I can see why performers use it in their acts, and movies use it in scenes where I normally hide my eyes. Except I don't watch scary movies. The first one I watched was "Amityville Horror" when I was young, and that night I slept in the bathroom with the light on! I'm a big wimp.
The fog reflects flashes in interesting ways. Sometimes, more frustrating than interesting, but different, none the less. I guess that is the same reason we don't use our high beams when driving through fog?!
Besides learning that I needed to use gloves just to handle it (which they told me at the store), I discovered a few things at home. I added a few more things to my darkroom. Hammer, check...Ice chest and towel, check...Gloves, check... The hammer is to break up the ice into manageable chunks. Unlike Sharon Stone in the movie "Basic Instinct", I don't own an ice pick. I also discovered that bigger chunks and/or warmer water = more "fog". I frequently had "too much fog", which obscured too much of the drop. Getting those delicate tendrils of fog to show up in the right place, is hit or miss. I figure that if I have to explain that the photo is not hazy, that it is dry ice, then it's not distinct enough.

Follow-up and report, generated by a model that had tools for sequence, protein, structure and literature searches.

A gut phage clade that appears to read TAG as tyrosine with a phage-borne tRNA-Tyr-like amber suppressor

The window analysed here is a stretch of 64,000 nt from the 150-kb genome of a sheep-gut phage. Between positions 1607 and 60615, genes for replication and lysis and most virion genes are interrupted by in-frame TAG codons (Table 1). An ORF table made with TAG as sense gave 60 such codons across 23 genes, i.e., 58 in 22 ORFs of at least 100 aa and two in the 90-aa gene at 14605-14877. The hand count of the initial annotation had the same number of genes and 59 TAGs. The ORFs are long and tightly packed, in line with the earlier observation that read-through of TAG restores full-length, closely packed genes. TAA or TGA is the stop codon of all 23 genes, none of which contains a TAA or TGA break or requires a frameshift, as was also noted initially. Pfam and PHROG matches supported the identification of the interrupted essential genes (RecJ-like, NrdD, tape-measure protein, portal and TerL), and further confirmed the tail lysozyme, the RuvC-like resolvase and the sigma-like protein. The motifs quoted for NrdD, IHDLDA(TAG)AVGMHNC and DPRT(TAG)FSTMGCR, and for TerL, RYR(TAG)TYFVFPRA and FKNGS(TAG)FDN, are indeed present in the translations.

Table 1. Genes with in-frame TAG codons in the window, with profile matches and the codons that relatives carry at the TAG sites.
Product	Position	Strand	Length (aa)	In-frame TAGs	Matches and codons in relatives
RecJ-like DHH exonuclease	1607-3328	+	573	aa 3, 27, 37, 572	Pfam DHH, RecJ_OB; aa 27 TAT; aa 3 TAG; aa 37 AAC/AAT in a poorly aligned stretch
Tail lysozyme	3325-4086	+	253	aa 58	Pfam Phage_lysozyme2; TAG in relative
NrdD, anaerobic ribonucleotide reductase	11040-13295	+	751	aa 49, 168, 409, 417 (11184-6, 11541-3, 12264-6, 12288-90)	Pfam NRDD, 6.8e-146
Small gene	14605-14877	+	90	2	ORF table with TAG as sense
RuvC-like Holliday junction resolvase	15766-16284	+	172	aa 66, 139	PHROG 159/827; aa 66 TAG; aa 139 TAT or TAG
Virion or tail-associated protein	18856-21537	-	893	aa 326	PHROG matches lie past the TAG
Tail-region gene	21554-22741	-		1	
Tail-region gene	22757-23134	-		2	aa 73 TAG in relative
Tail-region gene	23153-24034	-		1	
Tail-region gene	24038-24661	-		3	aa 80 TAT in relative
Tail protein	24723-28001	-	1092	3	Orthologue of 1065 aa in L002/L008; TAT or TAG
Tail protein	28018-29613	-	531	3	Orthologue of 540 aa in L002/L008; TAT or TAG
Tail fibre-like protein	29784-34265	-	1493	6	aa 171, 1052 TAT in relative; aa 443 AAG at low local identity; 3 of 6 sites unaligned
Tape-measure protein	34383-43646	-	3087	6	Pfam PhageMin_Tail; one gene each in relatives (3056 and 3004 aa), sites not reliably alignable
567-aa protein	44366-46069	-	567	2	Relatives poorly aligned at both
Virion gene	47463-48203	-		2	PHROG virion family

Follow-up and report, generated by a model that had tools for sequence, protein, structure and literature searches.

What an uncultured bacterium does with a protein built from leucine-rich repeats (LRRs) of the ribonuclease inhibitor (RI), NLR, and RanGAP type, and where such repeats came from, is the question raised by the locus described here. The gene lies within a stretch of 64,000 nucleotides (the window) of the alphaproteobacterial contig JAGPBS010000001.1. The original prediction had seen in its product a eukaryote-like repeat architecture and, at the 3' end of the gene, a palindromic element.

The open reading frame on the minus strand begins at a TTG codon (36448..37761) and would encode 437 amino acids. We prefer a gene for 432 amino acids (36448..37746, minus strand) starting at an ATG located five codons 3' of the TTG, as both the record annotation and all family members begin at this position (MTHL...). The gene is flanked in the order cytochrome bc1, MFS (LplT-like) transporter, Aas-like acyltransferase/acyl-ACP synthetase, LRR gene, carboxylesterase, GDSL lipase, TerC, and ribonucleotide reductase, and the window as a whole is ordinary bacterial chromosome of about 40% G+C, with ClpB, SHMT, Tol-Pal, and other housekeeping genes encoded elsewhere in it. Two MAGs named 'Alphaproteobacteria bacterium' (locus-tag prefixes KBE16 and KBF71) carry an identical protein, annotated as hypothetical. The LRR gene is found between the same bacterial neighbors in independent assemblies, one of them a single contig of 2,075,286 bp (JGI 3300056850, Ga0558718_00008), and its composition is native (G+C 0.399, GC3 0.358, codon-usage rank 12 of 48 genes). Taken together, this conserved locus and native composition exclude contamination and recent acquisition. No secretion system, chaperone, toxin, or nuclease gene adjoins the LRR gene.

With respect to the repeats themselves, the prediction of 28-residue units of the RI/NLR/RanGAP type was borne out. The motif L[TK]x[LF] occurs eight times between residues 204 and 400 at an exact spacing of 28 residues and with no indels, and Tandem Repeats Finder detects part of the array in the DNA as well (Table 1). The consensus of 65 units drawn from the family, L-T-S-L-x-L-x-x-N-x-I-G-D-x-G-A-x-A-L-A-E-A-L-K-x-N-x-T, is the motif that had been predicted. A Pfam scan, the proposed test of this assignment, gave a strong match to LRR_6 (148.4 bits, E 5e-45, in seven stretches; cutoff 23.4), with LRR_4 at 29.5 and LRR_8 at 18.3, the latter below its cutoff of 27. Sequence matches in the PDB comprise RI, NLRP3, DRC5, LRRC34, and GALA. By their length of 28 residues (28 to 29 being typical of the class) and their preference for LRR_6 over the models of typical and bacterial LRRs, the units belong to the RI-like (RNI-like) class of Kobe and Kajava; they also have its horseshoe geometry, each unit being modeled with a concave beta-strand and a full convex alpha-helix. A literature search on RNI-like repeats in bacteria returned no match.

It's fun to see ice "boil" under water and bubble. Sadly, it doesn't last long enough. I think I will just have to make more trips to the store, as this is one challenge I am going to conquer! Wish me luck!
Photo above: "Set the Night on Fire"
(Named after the Jim Morrison song "Light my Fire")